I read Quora questions/answers regularly and I bookmark a lot of them.
So in the spirit of redistributing and having an easier access to my favorite stories over there, I decided to publish them on a daily basis here.
The following question and answer were the best I glanced over for the day.
Actually, this is the second time I’m posting this question, just that it’s a different answer today.
As I always recommend in my Conclusion sections in this series, I read other answers to a question I like because some new and better ones may have popped up.
About 2 weeks ago, right after publishing Hector Quintanilla‘s answer to this same question, I read the following answer and decided to bookmark it.
Today, I stumbled upon it again and I felt like it was the one. Enjoy.
What kind of people should not be entrepreneurs?
To become a successful entrepreneur a person has to have many character traits that are not common among the general population and he must also be able to withstand some of the feelings and behaviours that are generally what society consider signs of success. The below characters traits are very common in society but for an entrepreneur they can be disastrous.
If you are afraid to put yourself in front of your potential clients by bringing your goods to the market you have already failed and if you need investors but are afraid they will reject you it will hamper your business’ growth and development. If you are risk averse you should probably avoid running a business altogether.
If you have to show off and express your success through luxuries and other symbols of status it will cost you resources you could have and probably should have invested in meeting the needs of your clients and this can cause your business to fail.
If you feel you are too important to deal with and work with the simpler tasks of your business operation and therefore hire people to do this work for you it will consume resources you could have and should have used to build the foundation of your business. You will also miss out on important knowledge about your business, which increase the likelihood of you making mistakes and these mistakes can cost you clients, effectiveness and efficiency.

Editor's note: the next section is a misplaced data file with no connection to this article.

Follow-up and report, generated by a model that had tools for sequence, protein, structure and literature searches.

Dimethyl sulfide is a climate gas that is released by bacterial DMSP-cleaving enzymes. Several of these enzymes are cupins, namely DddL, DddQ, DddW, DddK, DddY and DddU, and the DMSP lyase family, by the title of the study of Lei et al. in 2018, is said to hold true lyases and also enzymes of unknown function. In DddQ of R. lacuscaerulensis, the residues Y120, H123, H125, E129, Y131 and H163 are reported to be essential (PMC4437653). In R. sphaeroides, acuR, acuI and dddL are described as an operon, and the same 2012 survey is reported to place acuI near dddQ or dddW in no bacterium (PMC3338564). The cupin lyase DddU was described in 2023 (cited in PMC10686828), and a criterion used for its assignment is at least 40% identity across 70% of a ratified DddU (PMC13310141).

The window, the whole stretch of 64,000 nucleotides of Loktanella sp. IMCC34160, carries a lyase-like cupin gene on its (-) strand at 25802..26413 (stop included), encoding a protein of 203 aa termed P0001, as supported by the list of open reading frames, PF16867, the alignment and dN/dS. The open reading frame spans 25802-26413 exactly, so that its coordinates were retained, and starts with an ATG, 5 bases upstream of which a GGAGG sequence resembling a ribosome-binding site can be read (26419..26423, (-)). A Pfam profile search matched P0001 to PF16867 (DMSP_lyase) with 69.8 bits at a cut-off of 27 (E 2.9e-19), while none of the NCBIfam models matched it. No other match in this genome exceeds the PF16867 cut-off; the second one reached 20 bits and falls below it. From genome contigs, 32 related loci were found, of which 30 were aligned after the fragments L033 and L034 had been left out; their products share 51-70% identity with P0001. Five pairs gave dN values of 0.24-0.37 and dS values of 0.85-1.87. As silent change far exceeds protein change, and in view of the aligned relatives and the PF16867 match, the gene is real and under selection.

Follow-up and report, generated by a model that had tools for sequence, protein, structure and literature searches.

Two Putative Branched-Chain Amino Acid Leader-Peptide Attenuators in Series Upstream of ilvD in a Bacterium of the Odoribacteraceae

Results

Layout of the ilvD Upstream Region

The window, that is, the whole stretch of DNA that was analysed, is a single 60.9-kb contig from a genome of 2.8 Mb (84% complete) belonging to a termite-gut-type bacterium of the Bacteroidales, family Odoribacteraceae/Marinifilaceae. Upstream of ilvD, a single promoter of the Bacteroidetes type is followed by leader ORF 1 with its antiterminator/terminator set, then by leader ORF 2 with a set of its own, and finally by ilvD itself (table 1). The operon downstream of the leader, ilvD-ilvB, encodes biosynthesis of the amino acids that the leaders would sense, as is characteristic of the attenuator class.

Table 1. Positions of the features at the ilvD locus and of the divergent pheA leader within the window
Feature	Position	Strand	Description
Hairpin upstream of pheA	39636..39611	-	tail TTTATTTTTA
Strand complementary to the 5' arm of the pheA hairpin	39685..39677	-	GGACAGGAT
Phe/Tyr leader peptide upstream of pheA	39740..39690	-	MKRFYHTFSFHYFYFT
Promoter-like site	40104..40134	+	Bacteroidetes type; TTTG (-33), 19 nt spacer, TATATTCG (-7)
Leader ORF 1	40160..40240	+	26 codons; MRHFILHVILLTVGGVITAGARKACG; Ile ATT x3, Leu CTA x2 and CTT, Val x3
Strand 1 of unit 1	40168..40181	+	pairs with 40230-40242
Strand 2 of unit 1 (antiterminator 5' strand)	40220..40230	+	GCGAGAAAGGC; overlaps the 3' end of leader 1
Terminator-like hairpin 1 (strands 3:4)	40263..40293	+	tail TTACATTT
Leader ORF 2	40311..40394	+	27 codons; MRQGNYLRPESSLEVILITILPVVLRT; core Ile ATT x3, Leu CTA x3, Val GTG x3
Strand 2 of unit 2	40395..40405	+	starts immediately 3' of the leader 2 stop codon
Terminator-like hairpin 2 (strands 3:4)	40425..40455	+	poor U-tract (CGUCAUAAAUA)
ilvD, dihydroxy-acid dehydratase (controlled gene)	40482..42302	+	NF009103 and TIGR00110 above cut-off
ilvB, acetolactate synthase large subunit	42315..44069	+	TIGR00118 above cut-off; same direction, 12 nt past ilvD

Lack Of Focus
Entrepreneurs who cannot decide on what to focus on but have side jobs, continuously start new projects and launch new products and services despite not yet making money on any of them will likely burn the capital they have before having operational profits and therefore they might risk bankruptcy due to a very bad cash flow. Doing everything half good is exactly the same as doing nothing really good at all.
Need For Life Balance
If you want to become a successful entrepreneur you can forget about social balance and should not feel about forgetting it. If long vacations sleep-in mornings, weekends at the golf course, culture events with your partner, watching your children or other distractions are important for you to function as a person you are not an entrepreneur. All these joyful activities that makes a life complete are not for entrepreneurs. Entrepreneurs don’t live complete and balanced lives.
Lack Of Endurance
It takes an enormous effort and usually much longer time than initially expected to build a successful business. The stories about immediate success that have become urban legends are based on cases so rare that there is a greater chance of becoming rich by buying a lottery ticket. Entrepreneurs who are unwilling or unable to work hard for a long time even when it feels like the business is about to go under are not likely to become successful but rather likely to lose speed and succumb due to inactivity and exhaustion.